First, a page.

3. Avoid in-between levels. Order, Family, Genus and Species generally get the most attention. There are exceptions (see below), but otherwise, stick to those four.

For more information, see the article "Where Do I Post My Image?"

............................

 
Excellent suggestion
Placing the three simple rules in the Help section and a link to the article sounds very good. We need a way to show people how to post images and this seems a good way. Most people wouldn't bother with, or wouldn't need long instructions; the condensed form is probably more effective for them. The full article would be helpful to those who want to delve a little deeper.
I only would add:
General:
•If you don’t have an image, post a topic in the General Discussion Forum asking about it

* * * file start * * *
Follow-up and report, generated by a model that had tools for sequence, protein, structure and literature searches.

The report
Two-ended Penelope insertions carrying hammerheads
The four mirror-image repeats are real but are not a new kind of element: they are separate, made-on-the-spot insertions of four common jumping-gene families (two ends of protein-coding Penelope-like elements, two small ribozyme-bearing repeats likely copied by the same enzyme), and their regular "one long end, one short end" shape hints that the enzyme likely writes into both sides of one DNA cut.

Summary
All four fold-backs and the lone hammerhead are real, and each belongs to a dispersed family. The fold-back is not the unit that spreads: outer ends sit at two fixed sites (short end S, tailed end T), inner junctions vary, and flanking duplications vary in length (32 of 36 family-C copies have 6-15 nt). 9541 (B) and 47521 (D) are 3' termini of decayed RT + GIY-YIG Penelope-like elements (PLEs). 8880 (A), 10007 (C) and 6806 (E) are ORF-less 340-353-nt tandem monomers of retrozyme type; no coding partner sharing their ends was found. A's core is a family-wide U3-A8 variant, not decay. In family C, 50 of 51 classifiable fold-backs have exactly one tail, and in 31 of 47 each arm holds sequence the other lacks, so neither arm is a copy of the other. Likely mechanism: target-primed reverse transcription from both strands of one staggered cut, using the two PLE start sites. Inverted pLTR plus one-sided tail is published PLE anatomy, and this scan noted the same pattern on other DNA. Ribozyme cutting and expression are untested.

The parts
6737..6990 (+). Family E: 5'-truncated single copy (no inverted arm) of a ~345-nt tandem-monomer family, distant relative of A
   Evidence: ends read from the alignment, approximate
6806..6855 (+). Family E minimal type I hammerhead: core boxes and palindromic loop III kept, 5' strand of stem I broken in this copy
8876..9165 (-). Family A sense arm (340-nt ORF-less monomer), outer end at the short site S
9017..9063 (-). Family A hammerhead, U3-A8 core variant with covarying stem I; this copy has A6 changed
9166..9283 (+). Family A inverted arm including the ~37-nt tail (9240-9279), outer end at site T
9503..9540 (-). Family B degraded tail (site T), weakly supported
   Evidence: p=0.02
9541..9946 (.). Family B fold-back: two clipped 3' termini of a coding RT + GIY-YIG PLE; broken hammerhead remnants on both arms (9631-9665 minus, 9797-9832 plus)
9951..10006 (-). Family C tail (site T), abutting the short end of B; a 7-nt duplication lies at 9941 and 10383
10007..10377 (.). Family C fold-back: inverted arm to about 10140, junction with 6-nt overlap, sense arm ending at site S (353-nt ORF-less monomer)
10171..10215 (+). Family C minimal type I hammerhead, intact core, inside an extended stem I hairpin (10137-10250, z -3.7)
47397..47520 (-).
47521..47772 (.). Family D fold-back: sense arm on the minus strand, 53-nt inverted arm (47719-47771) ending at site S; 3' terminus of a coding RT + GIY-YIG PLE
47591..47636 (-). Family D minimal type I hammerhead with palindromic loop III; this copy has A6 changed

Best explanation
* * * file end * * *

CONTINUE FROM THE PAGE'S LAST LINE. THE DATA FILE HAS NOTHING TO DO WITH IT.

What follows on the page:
•If you do have an image, please don’t post a topic in the forums- that’s what ID Request is for. Posting a topic with images from other sites is a particularly bad idea- even sites designed for that like Photobucket or Flickr.

 
I propose three specific changes. . .
I propose three changes:

1. Add the "Three Simple Rules" (plus link to article) to the Help > Images page. I would add them under a new section "Where do I post my images?" near the top, as the second topic, right below "How do I submit..." (I would not include the "general" tips here because they pertain more directly to Forum use.)

2. Add the "General" tips" to the Help > About page in a new section called "Using the Forums."

3. Change the title of this article to "Where Do I Post My Image?" rather than "Where Do I Post It?" since posting images is the biggest challenge on the site (and the word "It" is too vague). The "general tips" could be removed from the article since they will now be in Help > About.

 
What people should do vs. How to get them to do it
Please see below, everyone. Is this what people should do? (Note that this is a separate issue from how to get them to do it.)

-- Contributors who can't ID their image to any group within reasonable scientific probability should use ID Request.

-- Contributors who are looking for ID help and don't have much experience with this site should use ID request.